|Cmax (ng/mL)||2282 + 514*||3488 + 742|
|Cmin (ng/mL)||1855+535||3349 + 761|
|Tmax (hours)||4.6+1.8||3.4 + 3.4|
|AUC0-12h (ng-h/mL)||22569 + 5375||38572 + 8450|
|t1/2 (hours)||64 + 32||56 + 24|
|* mean + standard deviation|
The plasma protein binding of itraconazole is 99.8% and that of hydroxyitraconazole is 99.5%. Following intravenous administration, the volume of distribution of itraconazole averaged 796 ±185 liters.
Itraconazole is metabolized predominately by the cytochrome P450 3A4 isoenzyme system (CYP3A4), resulting in the formation of several metabolites, including hydroxyitraconazole, the major metabolite. Results of a pharmacokinetics study suggest that itraconazole may undergo saturable metabolism with multiple dosing. Fecal excretion of the parent drug varies between 3-18% of the dose. Renal excretion of the parent drug is less than 0.03% of the dose. About 40% of the dose is excreted as inactive metabolites in the urine. No single excreted metabolite represents more than 5% of a dose. Itraconazole total plasma clearance averaged 381 + 95 mL/minute following intravenous administration. (See CONTRAINDICATIONS and PRECAUTIONS: DRUG INTERACTIONS for more information.)
Limited data are available on the use of oral itraconazole in patients with renal impairment. A pharmacokinetic study using a single 200-mg dose of itraconazole (four 50-mg capsules) was conducted in three groups of patients with renal impairment (uremia: n=7; hemodialysis: n=7; and continuous ambulatory peritoneal dialysis: n=5). In uremic subjects with a mean creatinine clearance of 13 mL/min. x 1.73 m2, the exposure, based on AUC, was slightly reduced compared with normal population parameters. This study did not demonstrate any significant effect of hemodialysis or continuous ambulatory peritoneal dialysis on the pharmacokinetics of itraconazole (Tmax, Cmax, and AUC0-8). Plasma concentration-versus-time profiles showed wide intersubject variation in all three groups. Caution should be exercised when the drug is administered in this patient population. (See PRECAUTIONS and DOSAGE AND ADMINISTRATION.)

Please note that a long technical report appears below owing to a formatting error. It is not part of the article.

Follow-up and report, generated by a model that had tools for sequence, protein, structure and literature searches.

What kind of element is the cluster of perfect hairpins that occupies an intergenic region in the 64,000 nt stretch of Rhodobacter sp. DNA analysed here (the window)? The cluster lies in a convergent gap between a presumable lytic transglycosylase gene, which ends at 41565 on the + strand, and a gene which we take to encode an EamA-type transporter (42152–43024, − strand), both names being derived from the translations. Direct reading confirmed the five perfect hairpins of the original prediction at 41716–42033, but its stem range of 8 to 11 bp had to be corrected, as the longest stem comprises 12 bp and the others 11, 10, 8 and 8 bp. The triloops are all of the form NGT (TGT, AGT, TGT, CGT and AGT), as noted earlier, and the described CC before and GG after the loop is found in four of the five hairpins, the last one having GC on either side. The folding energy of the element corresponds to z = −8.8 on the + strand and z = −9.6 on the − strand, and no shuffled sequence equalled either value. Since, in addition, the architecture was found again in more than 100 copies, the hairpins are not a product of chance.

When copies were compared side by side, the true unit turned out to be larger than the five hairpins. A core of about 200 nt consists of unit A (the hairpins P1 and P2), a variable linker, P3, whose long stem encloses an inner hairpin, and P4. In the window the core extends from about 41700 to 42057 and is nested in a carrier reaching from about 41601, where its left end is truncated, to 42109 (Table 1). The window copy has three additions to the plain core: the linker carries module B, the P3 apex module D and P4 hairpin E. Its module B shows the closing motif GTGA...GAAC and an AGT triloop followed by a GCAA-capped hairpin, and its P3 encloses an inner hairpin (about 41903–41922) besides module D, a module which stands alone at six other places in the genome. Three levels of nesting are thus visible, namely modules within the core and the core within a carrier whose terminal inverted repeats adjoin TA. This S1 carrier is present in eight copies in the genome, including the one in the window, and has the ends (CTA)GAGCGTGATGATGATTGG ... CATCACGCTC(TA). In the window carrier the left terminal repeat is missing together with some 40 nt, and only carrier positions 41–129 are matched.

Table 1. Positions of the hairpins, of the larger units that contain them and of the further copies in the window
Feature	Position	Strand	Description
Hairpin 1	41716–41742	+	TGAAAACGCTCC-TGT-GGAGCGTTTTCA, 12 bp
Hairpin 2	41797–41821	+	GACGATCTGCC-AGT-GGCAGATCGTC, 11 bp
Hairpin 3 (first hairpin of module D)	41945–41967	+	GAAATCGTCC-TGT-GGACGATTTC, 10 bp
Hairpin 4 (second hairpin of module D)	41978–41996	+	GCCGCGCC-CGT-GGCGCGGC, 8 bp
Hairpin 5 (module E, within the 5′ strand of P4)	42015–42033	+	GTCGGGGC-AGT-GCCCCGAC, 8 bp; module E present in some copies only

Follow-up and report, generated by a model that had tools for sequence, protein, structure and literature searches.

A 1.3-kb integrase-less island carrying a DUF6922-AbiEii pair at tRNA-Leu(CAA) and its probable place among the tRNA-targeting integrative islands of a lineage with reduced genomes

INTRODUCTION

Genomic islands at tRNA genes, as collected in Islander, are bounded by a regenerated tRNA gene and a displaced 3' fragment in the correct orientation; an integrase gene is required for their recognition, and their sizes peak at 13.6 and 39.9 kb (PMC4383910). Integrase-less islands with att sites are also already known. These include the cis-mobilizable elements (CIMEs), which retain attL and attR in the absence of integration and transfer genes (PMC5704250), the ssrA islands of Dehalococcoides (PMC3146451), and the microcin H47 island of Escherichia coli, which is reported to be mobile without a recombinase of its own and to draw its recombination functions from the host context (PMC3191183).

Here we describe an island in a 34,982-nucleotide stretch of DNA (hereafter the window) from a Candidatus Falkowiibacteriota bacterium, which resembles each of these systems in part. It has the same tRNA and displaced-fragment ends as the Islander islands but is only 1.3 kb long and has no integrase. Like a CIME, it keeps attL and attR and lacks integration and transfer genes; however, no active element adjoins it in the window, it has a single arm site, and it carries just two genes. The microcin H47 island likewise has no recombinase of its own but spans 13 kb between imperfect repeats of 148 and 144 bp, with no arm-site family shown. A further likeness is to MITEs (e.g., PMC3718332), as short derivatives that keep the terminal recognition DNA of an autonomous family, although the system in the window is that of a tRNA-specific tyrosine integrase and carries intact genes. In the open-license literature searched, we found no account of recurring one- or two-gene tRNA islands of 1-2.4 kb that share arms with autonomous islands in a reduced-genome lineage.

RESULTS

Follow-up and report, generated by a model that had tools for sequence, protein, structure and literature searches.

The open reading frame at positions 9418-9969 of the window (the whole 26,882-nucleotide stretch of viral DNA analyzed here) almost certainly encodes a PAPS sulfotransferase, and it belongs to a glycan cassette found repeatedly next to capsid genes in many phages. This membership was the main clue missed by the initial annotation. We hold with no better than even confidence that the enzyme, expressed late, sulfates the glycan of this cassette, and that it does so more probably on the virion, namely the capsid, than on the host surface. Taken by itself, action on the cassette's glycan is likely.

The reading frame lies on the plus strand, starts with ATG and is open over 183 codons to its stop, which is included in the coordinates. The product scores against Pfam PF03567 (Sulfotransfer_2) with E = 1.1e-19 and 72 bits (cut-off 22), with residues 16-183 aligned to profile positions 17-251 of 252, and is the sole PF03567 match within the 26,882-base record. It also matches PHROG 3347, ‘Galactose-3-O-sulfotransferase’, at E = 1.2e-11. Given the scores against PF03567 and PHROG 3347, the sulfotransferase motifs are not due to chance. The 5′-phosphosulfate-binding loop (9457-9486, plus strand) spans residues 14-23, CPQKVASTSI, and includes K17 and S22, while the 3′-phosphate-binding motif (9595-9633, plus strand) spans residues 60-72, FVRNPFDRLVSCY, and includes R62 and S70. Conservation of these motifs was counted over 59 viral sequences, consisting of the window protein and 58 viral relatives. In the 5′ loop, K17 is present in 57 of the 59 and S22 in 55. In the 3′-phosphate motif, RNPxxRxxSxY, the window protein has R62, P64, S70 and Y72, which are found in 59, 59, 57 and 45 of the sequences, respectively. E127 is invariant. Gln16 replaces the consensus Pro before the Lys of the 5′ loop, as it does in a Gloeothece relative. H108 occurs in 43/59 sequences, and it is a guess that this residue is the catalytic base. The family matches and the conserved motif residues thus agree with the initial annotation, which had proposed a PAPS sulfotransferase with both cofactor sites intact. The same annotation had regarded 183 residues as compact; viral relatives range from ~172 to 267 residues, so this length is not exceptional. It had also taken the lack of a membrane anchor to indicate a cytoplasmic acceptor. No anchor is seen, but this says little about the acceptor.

Itraconazole is predominantly metabolized in the liver. Patients with impaired hepatic function should be carefully monitored when taking itraconazole. A pharmacokinetic study using a single oral 100 mg capsule dose of itraconazole was conducted in 6 healthy and 12 cirrhotic subjects. A statistically significant reduction in mean Cmax (47%) and a twofold increase in the elimination half-life (37 ±17 hours vs. 16 + 5 hours) of itraconazole were noted in cirrhotic subjects compared with healthy subjects. However, overall exposure to itraconazole, based on AUC, was similar in cirrhotic patients and in healthy subjects. The prolonged elimination half-life of itraconazole observed in the single oral dose clinical trial with itraconazole capsules in cirrhotic patients should be considered when deciding to initiate therapy with other medications metabolized by CYP3A4. Data are not available in cirrhotic patients during long-term use of itraconazole. (See BOX WARNING, CONTRAINDICATIONS, PRECAUTIONS: DRUG INTERACTIONS and DOSAGE AND ADMINISTRATION.)
Decreased Cardiac Contractility
When itraconazole was administered intravenously to anesthetized dogs, a dose-related negative inotropic effect was documented. In a healthy volunteer study of SPORANOX® (itraconazole capsules) Injection (intravenous infusion), transient, asymptomatic decreases in left ventricular ejection fraction were observed using gated SPECT imaging; these resolved before the next infusion, 12 hours later. If signs or symptoms of congestive heart failure appear during administration of SPORANOX® (itraconazole capsules) Capsules, SPORANOX® should be discontinued. (See CONTRAINDICATIONS, WARNINGS, PRECAUTIONS: DRUG INTERACTIONS and ADVERSE REACTIONS: Post-marketing Experience for more information.)
Mechanism of Action
In vitro studies have demonstrated that itraconazole inhibits the cytochrome P450-dependent synthesis of ergosterol, which is a vital component of fungal cell membranes.
Activity In Vitro and In Vivo